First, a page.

"There were thousands of them in the fall swarming over the Montrose peninsula," said Herb Siegel, who takes care of the purple martin apartments. Where did they go?
"We're not sure. Well, they may have lost their natural housing to the starlings," said Siegel.
The bird houses Siegel watches over are cranked down on the poles so the baby birds or nestlings can be checked out.
"The Park District got involved in 2002 by installing 18 Purple Martin houses along the lakefront to provide habitat for a bird that no longer has much natural habitat in the eastern United States," said Rebecca Schillo, Chicago Park District.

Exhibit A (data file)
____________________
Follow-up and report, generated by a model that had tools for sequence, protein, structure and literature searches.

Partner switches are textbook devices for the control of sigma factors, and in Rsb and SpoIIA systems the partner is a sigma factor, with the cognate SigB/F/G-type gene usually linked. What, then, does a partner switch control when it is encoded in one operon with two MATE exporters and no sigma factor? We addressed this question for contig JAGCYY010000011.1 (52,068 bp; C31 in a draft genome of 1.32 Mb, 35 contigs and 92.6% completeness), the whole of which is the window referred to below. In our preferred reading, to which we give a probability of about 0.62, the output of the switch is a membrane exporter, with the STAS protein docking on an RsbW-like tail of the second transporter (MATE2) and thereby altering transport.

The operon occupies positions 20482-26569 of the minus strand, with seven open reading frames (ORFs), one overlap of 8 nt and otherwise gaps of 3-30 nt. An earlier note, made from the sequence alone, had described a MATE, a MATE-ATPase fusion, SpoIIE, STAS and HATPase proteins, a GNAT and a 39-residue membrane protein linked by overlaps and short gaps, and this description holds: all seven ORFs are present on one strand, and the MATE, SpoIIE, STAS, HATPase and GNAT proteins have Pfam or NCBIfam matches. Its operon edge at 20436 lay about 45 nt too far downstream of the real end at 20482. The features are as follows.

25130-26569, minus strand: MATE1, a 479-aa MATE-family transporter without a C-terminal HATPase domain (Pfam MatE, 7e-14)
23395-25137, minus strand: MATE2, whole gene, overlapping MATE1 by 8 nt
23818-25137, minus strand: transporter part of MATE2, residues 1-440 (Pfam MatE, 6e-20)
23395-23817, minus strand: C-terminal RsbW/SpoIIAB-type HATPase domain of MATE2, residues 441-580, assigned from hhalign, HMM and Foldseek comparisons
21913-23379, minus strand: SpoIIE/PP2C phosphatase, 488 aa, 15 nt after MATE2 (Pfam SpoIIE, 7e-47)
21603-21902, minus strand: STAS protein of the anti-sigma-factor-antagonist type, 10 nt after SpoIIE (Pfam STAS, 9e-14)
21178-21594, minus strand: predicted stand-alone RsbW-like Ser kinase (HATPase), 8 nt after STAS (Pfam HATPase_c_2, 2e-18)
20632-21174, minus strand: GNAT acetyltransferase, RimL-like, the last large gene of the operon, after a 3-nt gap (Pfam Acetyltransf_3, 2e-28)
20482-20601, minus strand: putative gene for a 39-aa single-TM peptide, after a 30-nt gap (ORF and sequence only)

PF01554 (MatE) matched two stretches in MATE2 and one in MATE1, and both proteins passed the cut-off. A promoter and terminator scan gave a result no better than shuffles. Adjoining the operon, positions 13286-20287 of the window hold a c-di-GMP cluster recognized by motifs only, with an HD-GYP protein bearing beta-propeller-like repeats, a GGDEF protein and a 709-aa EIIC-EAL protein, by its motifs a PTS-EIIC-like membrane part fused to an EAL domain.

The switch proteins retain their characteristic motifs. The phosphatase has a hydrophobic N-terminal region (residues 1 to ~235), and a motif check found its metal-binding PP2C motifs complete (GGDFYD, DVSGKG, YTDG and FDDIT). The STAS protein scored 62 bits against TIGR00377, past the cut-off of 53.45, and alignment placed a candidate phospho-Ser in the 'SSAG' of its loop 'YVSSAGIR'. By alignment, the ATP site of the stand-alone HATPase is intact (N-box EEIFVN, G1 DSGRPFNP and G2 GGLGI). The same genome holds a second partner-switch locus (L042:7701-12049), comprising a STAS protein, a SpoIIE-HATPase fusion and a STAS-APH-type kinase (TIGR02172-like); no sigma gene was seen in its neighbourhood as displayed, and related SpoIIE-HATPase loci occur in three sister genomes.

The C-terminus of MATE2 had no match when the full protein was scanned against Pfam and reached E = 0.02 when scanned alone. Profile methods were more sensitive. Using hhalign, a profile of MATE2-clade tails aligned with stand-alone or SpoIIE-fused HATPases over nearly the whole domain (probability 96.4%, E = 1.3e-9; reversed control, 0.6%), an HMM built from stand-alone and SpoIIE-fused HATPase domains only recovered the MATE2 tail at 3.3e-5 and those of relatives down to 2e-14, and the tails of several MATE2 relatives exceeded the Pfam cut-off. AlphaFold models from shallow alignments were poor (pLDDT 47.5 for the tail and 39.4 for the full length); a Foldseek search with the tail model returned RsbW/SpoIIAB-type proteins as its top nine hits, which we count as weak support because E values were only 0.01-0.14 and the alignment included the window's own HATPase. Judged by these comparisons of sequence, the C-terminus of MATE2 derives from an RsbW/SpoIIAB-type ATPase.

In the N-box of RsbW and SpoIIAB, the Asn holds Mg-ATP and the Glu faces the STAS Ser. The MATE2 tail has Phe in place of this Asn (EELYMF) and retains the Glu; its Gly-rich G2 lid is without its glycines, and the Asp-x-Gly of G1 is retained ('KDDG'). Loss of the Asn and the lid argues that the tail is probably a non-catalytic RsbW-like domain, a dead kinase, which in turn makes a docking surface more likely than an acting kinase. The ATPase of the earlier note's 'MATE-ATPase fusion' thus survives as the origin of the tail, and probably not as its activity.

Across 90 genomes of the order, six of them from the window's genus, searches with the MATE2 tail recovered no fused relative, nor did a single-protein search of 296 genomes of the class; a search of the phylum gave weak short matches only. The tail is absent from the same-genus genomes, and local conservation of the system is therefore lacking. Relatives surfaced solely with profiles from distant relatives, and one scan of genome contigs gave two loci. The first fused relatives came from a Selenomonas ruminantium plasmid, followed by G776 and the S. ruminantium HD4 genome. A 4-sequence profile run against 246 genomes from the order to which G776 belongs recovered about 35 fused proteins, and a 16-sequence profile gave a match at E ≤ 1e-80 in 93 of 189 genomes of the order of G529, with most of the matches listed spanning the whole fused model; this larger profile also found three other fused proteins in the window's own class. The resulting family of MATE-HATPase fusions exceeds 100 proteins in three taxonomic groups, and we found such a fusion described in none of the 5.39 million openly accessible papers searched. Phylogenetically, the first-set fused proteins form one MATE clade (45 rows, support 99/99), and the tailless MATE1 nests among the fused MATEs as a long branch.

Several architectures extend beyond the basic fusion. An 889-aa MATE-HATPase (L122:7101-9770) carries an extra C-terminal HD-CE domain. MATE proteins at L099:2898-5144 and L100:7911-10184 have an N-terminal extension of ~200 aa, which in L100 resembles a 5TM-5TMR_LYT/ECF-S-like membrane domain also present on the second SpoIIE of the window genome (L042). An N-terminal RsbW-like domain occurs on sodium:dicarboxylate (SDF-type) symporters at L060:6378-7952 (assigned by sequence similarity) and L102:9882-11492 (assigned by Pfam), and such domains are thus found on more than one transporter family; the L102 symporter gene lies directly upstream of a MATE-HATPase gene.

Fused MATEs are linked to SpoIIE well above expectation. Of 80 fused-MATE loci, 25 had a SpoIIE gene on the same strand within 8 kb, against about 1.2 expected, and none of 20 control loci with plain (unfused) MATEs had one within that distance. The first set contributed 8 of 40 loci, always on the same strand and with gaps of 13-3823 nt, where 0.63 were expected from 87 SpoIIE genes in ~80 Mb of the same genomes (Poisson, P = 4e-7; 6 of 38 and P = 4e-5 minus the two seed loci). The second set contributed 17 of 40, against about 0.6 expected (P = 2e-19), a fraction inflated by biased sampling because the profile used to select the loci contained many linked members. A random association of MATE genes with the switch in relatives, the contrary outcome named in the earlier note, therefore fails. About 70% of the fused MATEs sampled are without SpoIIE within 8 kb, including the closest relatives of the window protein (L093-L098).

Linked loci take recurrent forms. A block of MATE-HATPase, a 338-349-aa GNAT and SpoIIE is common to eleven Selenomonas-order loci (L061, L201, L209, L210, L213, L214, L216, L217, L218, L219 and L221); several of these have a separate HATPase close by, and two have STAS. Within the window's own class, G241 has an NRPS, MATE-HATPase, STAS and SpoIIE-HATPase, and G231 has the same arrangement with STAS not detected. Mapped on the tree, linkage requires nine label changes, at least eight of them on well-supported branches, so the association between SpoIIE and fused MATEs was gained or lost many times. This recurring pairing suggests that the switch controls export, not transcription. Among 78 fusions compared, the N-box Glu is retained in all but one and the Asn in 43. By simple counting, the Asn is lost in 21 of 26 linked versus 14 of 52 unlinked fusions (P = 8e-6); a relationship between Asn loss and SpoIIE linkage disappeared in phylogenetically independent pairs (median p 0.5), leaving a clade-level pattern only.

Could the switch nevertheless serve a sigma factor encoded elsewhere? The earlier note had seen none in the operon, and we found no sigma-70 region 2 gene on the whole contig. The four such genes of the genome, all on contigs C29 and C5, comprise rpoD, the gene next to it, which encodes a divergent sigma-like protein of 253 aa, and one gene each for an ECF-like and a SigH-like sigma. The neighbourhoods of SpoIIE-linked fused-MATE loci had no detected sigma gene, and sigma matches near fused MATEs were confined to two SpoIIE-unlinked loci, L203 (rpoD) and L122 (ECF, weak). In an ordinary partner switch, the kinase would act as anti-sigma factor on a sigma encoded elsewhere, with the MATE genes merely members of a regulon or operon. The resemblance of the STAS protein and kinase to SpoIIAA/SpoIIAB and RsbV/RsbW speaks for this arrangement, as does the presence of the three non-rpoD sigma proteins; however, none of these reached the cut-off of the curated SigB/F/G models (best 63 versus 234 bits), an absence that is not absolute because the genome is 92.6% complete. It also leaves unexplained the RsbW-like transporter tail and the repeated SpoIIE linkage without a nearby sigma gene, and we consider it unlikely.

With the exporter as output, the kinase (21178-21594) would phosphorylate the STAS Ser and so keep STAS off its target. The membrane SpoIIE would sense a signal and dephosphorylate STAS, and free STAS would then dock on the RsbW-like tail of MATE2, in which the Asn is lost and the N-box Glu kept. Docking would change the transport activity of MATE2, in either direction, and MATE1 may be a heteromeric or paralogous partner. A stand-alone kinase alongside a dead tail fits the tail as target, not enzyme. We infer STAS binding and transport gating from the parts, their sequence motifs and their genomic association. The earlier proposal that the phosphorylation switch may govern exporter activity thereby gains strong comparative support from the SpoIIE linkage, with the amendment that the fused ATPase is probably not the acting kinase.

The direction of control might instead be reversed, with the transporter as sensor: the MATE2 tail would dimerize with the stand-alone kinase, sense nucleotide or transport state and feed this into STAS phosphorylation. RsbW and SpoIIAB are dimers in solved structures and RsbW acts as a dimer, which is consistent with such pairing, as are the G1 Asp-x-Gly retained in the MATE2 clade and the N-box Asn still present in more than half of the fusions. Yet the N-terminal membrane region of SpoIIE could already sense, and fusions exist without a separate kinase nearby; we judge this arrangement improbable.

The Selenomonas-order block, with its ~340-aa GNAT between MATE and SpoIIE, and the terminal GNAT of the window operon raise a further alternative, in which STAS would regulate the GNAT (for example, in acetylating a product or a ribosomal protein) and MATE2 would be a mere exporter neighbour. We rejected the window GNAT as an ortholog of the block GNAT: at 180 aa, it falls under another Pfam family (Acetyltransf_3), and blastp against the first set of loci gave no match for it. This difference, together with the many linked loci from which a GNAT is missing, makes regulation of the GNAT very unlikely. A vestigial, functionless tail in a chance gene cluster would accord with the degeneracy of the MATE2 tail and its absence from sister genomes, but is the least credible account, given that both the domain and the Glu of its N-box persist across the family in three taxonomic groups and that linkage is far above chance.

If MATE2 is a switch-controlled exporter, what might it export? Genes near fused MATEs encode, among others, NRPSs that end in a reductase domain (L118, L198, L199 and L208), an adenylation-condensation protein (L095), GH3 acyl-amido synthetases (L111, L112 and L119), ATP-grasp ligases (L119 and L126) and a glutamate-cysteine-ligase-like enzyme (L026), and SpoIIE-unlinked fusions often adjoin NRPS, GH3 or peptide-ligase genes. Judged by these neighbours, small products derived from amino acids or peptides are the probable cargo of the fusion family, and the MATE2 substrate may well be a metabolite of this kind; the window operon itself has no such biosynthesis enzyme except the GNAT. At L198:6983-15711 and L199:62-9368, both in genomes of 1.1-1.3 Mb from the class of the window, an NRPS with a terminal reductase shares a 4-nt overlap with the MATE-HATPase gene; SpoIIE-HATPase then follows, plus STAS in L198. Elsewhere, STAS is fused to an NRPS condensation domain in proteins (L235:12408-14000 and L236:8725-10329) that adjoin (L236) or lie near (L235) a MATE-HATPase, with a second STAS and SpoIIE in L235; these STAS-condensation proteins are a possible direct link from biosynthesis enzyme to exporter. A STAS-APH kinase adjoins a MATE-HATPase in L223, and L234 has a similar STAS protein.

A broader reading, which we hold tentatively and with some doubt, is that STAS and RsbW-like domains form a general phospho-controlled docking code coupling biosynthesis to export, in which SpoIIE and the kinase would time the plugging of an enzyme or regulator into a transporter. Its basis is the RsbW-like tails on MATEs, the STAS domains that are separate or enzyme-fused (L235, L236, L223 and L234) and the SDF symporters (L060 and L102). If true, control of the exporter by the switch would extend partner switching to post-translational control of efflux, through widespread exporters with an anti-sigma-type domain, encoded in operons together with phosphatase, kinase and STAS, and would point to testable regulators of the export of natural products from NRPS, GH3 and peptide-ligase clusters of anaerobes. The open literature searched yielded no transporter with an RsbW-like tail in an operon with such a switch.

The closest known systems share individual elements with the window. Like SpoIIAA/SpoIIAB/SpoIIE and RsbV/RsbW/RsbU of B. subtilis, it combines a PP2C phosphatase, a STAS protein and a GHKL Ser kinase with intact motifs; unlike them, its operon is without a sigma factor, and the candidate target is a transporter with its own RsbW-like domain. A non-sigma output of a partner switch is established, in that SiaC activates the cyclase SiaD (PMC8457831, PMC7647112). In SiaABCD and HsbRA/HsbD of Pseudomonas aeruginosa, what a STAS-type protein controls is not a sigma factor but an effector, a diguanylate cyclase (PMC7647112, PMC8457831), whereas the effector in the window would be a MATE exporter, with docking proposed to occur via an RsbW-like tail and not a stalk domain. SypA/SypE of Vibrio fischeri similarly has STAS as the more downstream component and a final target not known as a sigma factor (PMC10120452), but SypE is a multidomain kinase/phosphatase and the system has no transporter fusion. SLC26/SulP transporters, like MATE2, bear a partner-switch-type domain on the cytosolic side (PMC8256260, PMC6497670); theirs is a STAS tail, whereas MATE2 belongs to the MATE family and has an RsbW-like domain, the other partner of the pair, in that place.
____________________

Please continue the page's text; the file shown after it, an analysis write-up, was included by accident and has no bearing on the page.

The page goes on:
The program has been successful. The first year there were less than ten nestlings. This year there are 102. And, there are still some eggs that might hatch successfully.
It used to be thought that purple martins were great to have around because they ate tons of mosquitoes. That's not true because purple martins fly too high to eat mosquitoes. But if you happen to be a dragon fly or a butterfly; look out! You're days are numbered.
"The parents catch dragonflies and butterflies for them ... and they bring them back to the nest and sometimes break them up into pieces that the young can handle," said Siegel.
Dragonflies! That's OK; that's easy to stomach. But beautiful butterflies, that's harder to swallow.